There is only one story in the universe.
Occasionally I'll find a badly told story, which still attempts to convey the message of Christianity. I've said of such works that "you can't blame it for not being the universe" - for that is what is required to tell the story well. God is the original storyteller, and he uses every part of the entire universe to tell us this one story, to send us his one message. All other stories are but retellings of small snippets of this very long and very great story.
We call this story the Gospel: the one story in the universe, and the central message of Christianity.
I will attempt to explain this Gospel in this post. I apologize beforehand for it not being the universe.
The Gospel is simple, as it must be if it's the one message that God has for us. I can summarize it in three words: Christ saves sinners. The Gospel is also complicated, as it must be if it's a story told with the entire universe. Fighting, torture, escapes, true love, and miracles all have a part in it. So let me begin by expanding that three word summary ("Christ saves sinners"), starting with the easiest word to understand: "sinners".
By "sinners", I mean people like me. Immortal souls bound in ephemeral constructs of flesh and blood, aware of their physicality yet knowing that they're not just a lump of matter. In our bodies we are bound to the circles of this world, yet we have an inkling of something beyond it, of something more. For we were gifted by the One Father of All - the source of all goodness - with his breath of life. We were made in his image as his children, intended to grow up to become like him. But we - that is to say, I - have abused this very gift, and have deliberately chosen to defy God and disobey his divine laws. That is sin. Its consequence is death.
Why is the consequence so serious? What harm could one small imperfection cause? Catastrophe. In an otherwise perfect system designed for infinite growth, every flaw is fatal, especially in a critical subsystem like morality. God, in his love for us, created us with unlimited potential - to become like God. His laws were decreed to help us develop into that destiny. Sin is the rejection of all that: it's violating his laws, discarding that divine destiny, and becoming alienated from God himself. And because of our unlimited potential, sin also grows without limit. For a rocket with infinite thrust, any error in its heading sends it infinitely far off course. In a boundless forest, a small fire causes an everlasting conflagration. In an organism that grows forever, cancer results in infinitely large tumors. In humans, sin causes endlessly more sin, which is endless separation from God.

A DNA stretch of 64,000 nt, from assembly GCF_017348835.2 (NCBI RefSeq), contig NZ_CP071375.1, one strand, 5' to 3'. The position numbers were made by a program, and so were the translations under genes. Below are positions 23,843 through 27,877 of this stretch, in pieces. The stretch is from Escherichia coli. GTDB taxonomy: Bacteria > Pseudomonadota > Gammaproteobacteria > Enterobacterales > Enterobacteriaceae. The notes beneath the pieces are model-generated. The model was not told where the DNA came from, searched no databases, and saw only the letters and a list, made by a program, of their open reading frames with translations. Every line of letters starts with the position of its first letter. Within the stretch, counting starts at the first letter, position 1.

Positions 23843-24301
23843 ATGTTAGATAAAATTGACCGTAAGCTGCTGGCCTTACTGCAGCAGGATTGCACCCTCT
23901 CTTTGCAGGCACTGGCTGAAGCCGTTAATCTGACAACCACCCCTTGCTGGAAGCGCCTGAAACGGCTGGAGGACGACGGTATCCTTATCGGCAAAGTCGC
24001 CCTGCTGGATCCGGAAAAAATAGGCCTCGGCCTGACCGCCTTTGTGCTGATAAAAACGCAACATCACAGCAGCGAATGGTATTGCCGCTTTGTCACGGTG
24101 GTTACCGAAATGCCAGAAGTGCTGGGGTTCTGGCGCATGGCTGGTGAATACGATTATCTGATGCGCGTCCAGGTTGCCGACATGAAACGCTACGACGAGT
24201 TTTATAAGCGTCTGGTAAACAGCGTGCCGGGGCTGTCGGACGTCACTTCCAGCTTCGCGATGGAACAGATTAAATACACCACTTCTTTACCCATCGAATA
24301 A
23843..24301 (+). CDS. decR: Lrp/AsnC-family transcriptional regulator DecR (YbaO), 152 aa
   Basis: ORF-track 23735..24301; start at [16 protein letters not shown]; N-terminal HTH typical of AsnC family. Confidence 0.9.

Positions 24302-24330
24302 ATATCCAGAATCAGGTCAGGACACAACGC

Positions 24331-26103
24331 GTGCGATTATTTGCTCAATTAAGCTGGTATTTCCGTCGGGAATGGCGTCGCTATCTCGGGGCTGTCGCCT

We would not have this problem if we were just rocks, or cows, or even space-faring aliens who are merely fated to rule the stars then perish with the universe. But we are humans, created to be like God. We were the chosen ones. We were supposed to be the pinnacle of creation, not fallen sinners. But precisely because of that greatness, when we fall we fall deep into darkness, deeper into sin, leading to death. Like a debtor who borrows to pay the interest on his debt, like an alcoholic who drinks to deal with his alcoholism, we keep sinning, even in our attempt to do good. Sin begets sin.
Without intervention, we are thereby forever separated from God and therefore from all goodness. Sin infects us and turns us evil. It alienates us from God and makes us into his enemies, the objects of his rightful wrath. But in our folly we have attempted to convince ourselves that it's not that bad, that we're good enough, that we're not really sinners. But this attitude is actually the very symptom of our sinfulness. Sin makes us numb and blinds us to further sin. Consider the people you know. Judge them, if you think yourself qualified. Are not the worst kinds of people convinced that they're good? God is the standard of goodness, and one of the first consequences of falling away from him is that we can no longer rightly discern what is good. Oblivious to our own evil, we blindly stumble from sin into more sin.